We performed a direct surgery to interrupt the shunt flow into the draining veins. Lateral suboccipital craniotomy without C1 laminectomy was performed in the prone position. Red dilated vessels were immediately visible in our view of the medullary cistern (Fig. 3A). A vascular tangle was observed on the dura mater proximal to these veins (Fig. 3B). Presuming that the vascular tangle was a shunt point, we interrupted the draining vein to stop the shunt flow (Fig. 3C). Indocyanine green fluorescence after this procedure confirmed that there was no flow to the draining veins. The red dilated vessels were then normalized (Fig. 3D). After surgery, left vertebral artery angiography showed no abnormal blood flow (Fig. 4A, B). T2-WI revealed a decreased high-intensity area inside the cord. After surgery, the patient was able to walk with a walking stick, although his gait remained somewhat spastic. His JOA score of lower extremity was 2 and JOA score of bladder function was 3 shortly after the surgery and has remained stable at 2 for the last 2 years.

Fig. 3.

(A) View of the left medullary cistern. We observed dilated veins (arrowheads) in this space immediately after exposure of the left medullary cistern. A circle indicates the medulla oblongata. (B) A vascular tangle (asterisk) was visible on the dura at the border between the occipital bone and C1. (C) Draining veins were interrupted by ablation, after which the vascular tangle faded away (asterisk). (D) Draining veins (arrowheads) subsequently lost their redness and dilation. A circle indicates the medulla oblongata.

Fig. 4.

Images after direct surgery for arteriovenous fistula at craniocervical junction. (A) Sagittal view of T2-weighted imaging of cervical spine. The high-intensity area in the spine decreased in size after the surgery. (B) Anteroposterior view of angiography of the left vertebral artery. There were no anomalies. (C) Lateral view of angiography of the left vertebral artery. There were no anomalies.

DISCUSSION

OPLL is a very common disorder in Japan. Many clinical studies of OPLL have been reported from Japan and other East Asian counties, along with a few from Europe and North America. A survey of Japan, Korea, the USA, and Germany has reported that the prevalence of OPLL in Japan is about 3%, whereas that in North America and Germany is 0.1% [11]. Most asymptomatic patients with OPLL are treated conservatively [12,13]. Symptomatic patients can be candidates for surgery if they have some difficulty in daily living [3,4]. In contrast, CCJ-AVF is a very rare vascular malformation. The incidences of dural AVF in Japan and Finland have been reported as 0.29 and 0.51, respectively, per 100,000 person-years. CCJ-AVFs are found in 1%–2% of patients with intracranial or spinal AVFs [5-7]. Therefore, the prevalence of CCJ-AVF is estimated to be 0.000003%–0.00001%. These 2 disorders thus have vastly different prevalence.

CCJ-AVF is frequently associated with SAH and intramedullary hemorrhage and more rarely associated with venous congestion. Many studies have reported SAH as a symptom of CCJ-AVF [8-10]. Historically, it has been recognized that an ascending draining route into an intracranial vein causes SAH whereas a descending draining route into the spinal canal causes venous congestion in the spinal cord [9,10,14,15]. In contrast, Hiramatsu et al. [8] recently reported that inclusion of the ASA as a feeder, aneurysmal dilatation of the feeder, exclusion of the external carotid artery as a feeder, and the presence of an arteriovenous shunt on the spinal nerve roots are all significantly associated with hemorrhagic presentation, while the presence of an ascending intradural draining vein is not significantly associated with hemorrhagic presentation. In this case, the ASA was not involved in the CCJ-AVF, which was fed only by the C1 radiculomeningeal artery. The AV shunt point was located on the dura mater, although there were ascending draining routes into the intracranial veins. Therefore, we assume that this case had a low risk for SAH. Rather, the patient developed myelopathy due to venous congestion.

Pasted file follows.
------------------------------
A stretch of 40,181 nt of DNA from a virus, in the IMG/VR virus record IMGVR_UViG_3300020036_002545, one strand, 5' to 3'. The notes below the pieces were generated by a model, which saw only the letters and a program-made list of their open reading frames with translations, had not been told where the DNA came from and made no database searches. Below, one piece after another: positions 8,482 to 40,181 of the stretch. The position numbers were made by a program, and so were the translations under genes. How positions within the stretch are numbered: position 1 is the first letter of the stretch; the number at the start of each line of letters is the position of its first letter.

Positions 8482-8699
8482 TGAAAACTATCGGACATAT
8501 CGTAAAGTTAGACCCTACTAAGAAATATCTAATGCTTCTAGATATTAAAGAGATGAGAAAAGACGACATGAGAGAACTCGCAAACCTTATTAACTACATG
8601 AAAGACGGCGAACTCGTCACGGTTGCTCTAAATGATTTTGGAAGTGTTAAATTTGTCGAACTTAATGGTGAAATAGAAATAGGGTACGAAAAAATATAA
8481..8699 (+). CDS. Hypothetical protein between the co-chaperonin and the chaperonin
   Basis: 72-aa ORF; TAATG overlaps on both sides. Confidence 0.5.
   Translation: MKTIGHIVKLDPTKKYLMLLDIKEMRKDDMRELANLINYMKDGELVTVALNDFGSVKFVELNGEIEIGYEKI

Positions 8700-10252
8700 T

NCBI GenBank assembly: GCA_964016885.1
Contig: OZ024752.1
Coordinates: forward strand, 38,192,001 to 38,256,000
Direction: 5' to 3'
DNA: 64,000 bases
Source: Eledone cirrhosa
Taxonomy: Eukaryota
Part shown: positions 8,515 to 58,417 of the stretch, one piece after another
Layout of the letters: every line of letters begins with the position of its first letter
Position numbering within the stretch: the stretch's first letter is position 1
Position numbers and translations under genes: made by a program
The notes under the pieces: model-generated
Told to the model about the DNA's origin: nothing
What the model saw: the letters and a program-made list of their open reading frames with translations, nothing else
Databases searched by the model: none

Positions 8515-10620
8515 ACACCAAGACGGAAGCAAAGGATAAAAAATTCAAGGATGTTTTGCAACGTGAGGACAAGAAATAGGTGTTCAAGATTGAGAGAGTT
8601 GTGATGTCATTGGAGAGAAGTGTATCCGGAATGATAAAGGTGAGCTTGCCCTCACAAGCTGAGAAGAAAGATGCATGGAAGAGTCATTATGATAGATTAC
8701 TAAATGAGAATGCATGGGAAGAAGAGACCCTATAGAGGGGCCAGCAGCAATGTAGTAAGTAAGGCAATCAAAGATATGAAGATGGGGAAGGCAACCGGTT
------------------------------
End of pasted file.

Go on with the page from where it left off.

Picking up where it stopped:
There are 2 previous case reports about CCJ-AVF presenting with SAH in which magnetic resonance angiography (MRA) or 3-dimensional CT angiography was not able to detect vascular anomalies [15,16]. The authors of those reports hypothesized that this situation was caused by embolism of AVFs, spasm of feeders, or increased intracranial pressure. In this case, we were not able to detect any vascular anomalies without a clear flow void when OPLL was first detected, although a retrospective examination of the magnetic resonance images taken immediately after CLP revealed abnormal vessels at the posterior aspect of the medulla oblongata. There is a report about anatomical characteristics of subpial anterior spinal vein and subarachnoid posterior spinal vein [17]. They presumed that the enlargement of the veins at the anterior aspect of spinal cord may remain undetected on T2-WI due to the anatomical characteristics. We presume that we were not able to detect vascular anomalies primarily because the high pressure in the spinal canal due to OPLL decreased the shunt flow of CCJ-AVF, and because the dilated veins at the anterior aspect of spinal cord were hard to be detected originally. Knowing that AVF often occurs after surgery or trauma, we considered the possibility that our CLP procedure had caused the AVF. In this case, CLP was performed between C3 and C6, and the AVF occurred at the CCJ. T2-WI after CLP retrospectively revealed abnormal vessels behind the medulla oblongata. During CLP, we observed some red dilated vessels on the dura mater of the spinal cord, although we were not able to recognize them as anomalies at that time. After CLP, selective angiography of the C1 radiculomeningeal artery revealed that some of the intradural descending draining veins ran partly into the extradural space at the C3 level. We consider that the red vessels seen during CLP might have been these extradural draining veins. Therefore, we are convinced that the CCJ-AVF was present prior to CLP.